That the IPCC may now not be able to share information with the coroner has the potential to impair the coronial investigation, if indeed one can even now take place.

The coroner's role is predicated not only on independence but is guided by the principles of open justice and transparency. Anything that undermines these principles can diminish trust in the coronial process and subsequent findings.

For the UK, and cases such as Duggan's, the problem lies in UK law. One illustrative example is the death of Azelle Rodney, who was shot dead by police in April 2005 during a police operation.

Rodney's inquest was adjourned in August 2007 due to a clash of laws preventing sensitive police evidence from intercepted communications being shown to the coroner yet also demanding an inquest is held.

The coroner's hands were tied, which meant that an inquest into Rodney's death was ultimately substituted for a public inquiry, which is a different process initiated by ministerial direction.

The inquiry is still collating evidence and due to begin hearings in September this year. Given it is almost seven years since Rodney's death, it is no surprise that his family are tiring of investigative delays, and the chairman to the inquiry is under pressure to proceed as openly as possible. Despite this, there may well be some closed hearings to hear secret evidence.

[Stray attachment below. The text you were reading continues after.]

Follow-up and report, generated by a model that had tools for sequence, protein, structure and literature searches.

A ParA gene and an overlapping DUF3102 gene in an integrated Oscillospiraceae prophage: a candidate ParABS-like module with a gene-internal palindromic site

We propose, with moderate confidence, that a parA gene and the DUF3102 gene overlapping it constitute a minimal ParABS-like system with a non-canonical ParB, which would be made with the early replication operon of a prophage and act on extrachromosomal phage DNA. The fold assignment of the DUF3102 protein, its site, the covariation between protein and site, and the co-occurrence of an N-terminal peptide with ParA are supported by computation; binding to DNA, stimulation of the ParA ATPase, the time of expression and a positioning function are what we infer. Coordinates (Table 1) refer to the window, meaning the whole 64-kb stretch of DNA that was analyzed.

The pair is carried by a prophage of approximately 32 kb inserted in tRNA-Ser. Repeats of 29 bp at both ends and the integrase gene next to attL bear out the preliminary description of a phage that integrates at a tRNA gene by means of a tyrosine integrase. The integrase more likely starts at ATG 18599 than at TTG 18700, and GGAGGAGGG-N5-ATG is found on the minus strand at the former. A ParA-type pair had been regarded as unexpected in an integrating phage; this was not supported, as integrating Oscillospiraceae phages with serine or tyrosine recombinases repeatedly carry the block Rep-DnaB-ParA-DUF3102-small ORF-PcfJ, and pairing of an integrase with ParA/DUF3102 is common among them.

The fear of organisations such as Inquest, which supports families of people who die in custody, is that Duggan's case will echo Rodney's.

They are not alone in their concern. When on March 26, 2012 the IPCC informed a pre-inquest hearing into Mark Duggan's death that there may be sensitive police material that cannot be disclosed to the coroner, the UK media expressed disdain, querying whether the police are hiding something.

The IPCC responded by writing a letter to the Guardian newspaper, stating that their advice to the coroner was in the interests of fairness, and because they believe information should be disclosed to the family and the public.

As if this wasn't enough, in a remarkable move, the IPCC went further, releasing a statement on their website the following day expressing their frustration at legal obstacles that prevent disclosure of certain information. The IPCC also called for a change to the law, a sentiment since backed by Scotland Yard.

Cases such as Duggan and Rodney's cannot be read in isolation from the broader context of coronial reform in the UK, which has been repeatedly plagued by threats to open justice.

Since 2008 the UK Government has tried twice to pass laws that would close inquests off from public scrutiny, in addition to unsuccessfully appealing a ruling by the coroner of the inquests into the July 7, 2005 London bombings that she did not possess the power to hold closed hearings and exclude interested persons such as the bereaved families of the 7/7 victims.